There’s so much to like about Chef, Jon Favreau’s return to small-scale film making after several years of working on big budget extravaganzas such as Iron Man and Cowboys and Aliens, that it’s hard to know where to start. On one level, it’s a celebration of food and food preparation as an art form. The film is also a look into the lives and interactions of chefs and those who work with them, both in gourmet brick-and-mortar restaurant kitchens and the burgeoning food truck industry, which is beginning to take hold all over the U.S. Take a step back, and you can also see Favreau possibly using cooking and the professional and personal challenges of being a chef as a metaphor for being a film maker in today’s marketing savvy, bottom-line driven Hollywood.

But at its heart, Chef is a simple, intimate story of rebirth and reconnection between a father and his family, his creativity, and his own sense of self. Like a truly great gourmet dish prepared with heart and imagination, it’s many, many flavors blending together into something remarkable and worth experiencing.

Chef Carl Casper (Favreau) is the culinary genius behind the success of Gauloises, an elegant, L.A. high-end eatery, which for a decade has enjoyed booming business and non-stop reservations thanks to Carl’s creations populating the menu. But Carl himself has lost his way: he’s divorced, he has a hard time spending time with or even communicating with his son Percy (Emjay Anthony, TV’s “Rake”), and he feels his ability to be creative in the kitchen being stifled by Gauloises’s owner, Riva (Dustin Hoffman), whose only interest is keeping reservations booked and tables full every night. Riva doesn’t want Carl experimenting and tinkering with the menu — it’s Carl’s hits, as he refers to them, that keep people coming in and coming back for more.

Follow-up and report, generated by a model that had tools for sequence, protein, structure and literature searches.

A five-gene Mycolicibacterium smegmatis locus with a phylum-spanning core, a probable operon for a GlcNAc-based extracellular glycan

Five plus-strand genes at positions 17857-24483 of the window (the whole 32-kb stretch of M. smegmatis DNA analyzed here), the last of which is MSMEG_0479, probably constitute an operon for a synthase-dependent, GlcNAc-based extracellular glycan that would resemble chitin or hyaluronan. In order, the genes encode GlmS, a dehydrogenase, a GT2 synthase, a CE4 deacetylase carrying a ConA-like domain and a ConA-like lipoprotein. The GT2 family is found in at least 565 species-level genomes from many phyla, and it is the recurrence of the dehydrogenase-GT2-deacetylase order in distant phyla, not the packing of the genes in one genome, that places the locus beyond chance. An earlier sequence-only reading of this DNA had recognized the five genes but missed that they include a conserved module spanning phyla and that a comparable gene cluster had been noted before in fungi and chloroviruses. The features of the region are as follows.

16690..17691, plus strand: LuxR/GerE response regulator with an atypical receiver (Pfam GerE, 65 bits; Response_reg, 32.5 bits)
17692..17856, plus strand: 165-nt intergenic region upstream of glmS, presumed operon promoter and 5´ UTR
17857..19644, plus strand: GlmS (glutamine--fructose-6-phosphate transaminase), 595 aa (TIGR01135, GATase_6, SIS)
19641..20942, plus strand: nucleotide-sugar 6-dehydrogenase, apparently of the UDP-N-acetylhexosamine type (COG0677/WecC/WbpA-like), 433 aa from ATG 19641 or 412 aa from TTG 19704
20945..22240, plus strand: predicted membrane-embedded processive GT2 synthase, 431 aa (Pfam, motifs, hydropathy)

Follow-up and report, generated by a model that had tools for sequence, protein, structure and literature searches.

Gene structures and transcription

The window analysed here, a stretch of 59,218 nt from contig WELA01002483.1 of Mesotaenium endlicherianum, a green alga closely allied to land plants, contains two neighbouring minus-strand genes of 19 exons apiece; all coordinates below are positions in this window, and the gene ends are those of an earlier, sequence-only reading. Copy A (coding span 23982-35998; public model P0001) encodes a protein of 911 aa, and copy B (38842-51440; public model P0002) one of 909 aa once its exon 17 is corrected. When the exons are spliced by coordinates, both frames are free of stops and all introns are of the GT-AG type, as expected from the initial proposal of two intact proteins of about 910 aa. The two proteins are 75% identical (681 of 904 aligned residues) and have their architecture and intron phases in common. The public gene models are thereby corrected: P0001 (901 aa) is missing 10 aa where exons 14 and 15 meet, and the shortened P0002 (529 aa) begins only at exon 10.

The contest of wills between Carl and Riva comes to a head on the eve of Gauloises getting a visit from Ramsey Michel (Oliver Platt), one of L.A.’s most noted food bloggers, whose reviews can make or break even the most popular and established of restaurants and restauranteurs. Carl plans to wow the critic with an all-new menu, but Riva orders him to stick to the regular menu, and the results are, predictably, disastrous. Ramsey writes a witheringly snarky review blasting the restaurant and Carl in particular, which sends the already-frustrated Carl into a tizzy. What follows is a hilarious and uniquely 21st-Century cautionary tale about the dangers of waging war on social media, as Carl and Ramsey exchange colorful verbal jabs and challenges on Twitter, resulting in a public in-person confrontation between chef and critic in front of a packed house at Gauloises. Within hours, the episode has played out in front of the world via YouTube video, and in the span of a week Carl goes from respected, world-renowned chef to unemployed viral sensation, internet meme, and pop culture punchline.

It’s only at this lowest of low points, however, that Carl can find the opportunity to take back his creativity and control over his life. With a little help from his best friend and trusted grill chef Martin (John Leguizamo), his ex-wife Inez (Sofia Vergara) and Percy, Carl makes his way back to putting his heart and soul into cooking food he believes in, and doing it in a place he swore up and down that he wouldn’t: the confines of a food truck.


Before Jon Favreau established his epic-scale action movie cred by directing the original Iron Man, the film that effectively launched the Marvel Studios financial juggernaut superhero franchise, he was best known for supporting comedic roles on-screen and for Swingers, the 1996 indie comedy he wrote and starred in with Vince Vaughn and Heather Graham that has become one of seminal “hipster” comedies of the 1990s. If you were a fan of that film back in the day, or its informal follow-up, 2001’s Made, which was also Favreau’s directorial debut, than it’s a sure bet you’re going to love Chef. Above all things, it’s savvy, smart, and genuine, with believable, relatable performances from every member of the star-studded ensemble. It helps that the conflicts and personal challenges Favreau’s character faces throughout the film — familial disconnection as a result of divorce, stifling of creativity in the workplace, answering the question of “what next?” after an unexpected job loss — are all aspects of adult life with which audiences should have some experience and connection. In having Carl take on those difficulties in the way that he does, Favreau makes Carl into a very effective and likable everyman, and because he’s so likable, it’s easy to see why the other characters gravitate toward him and are a part of his world.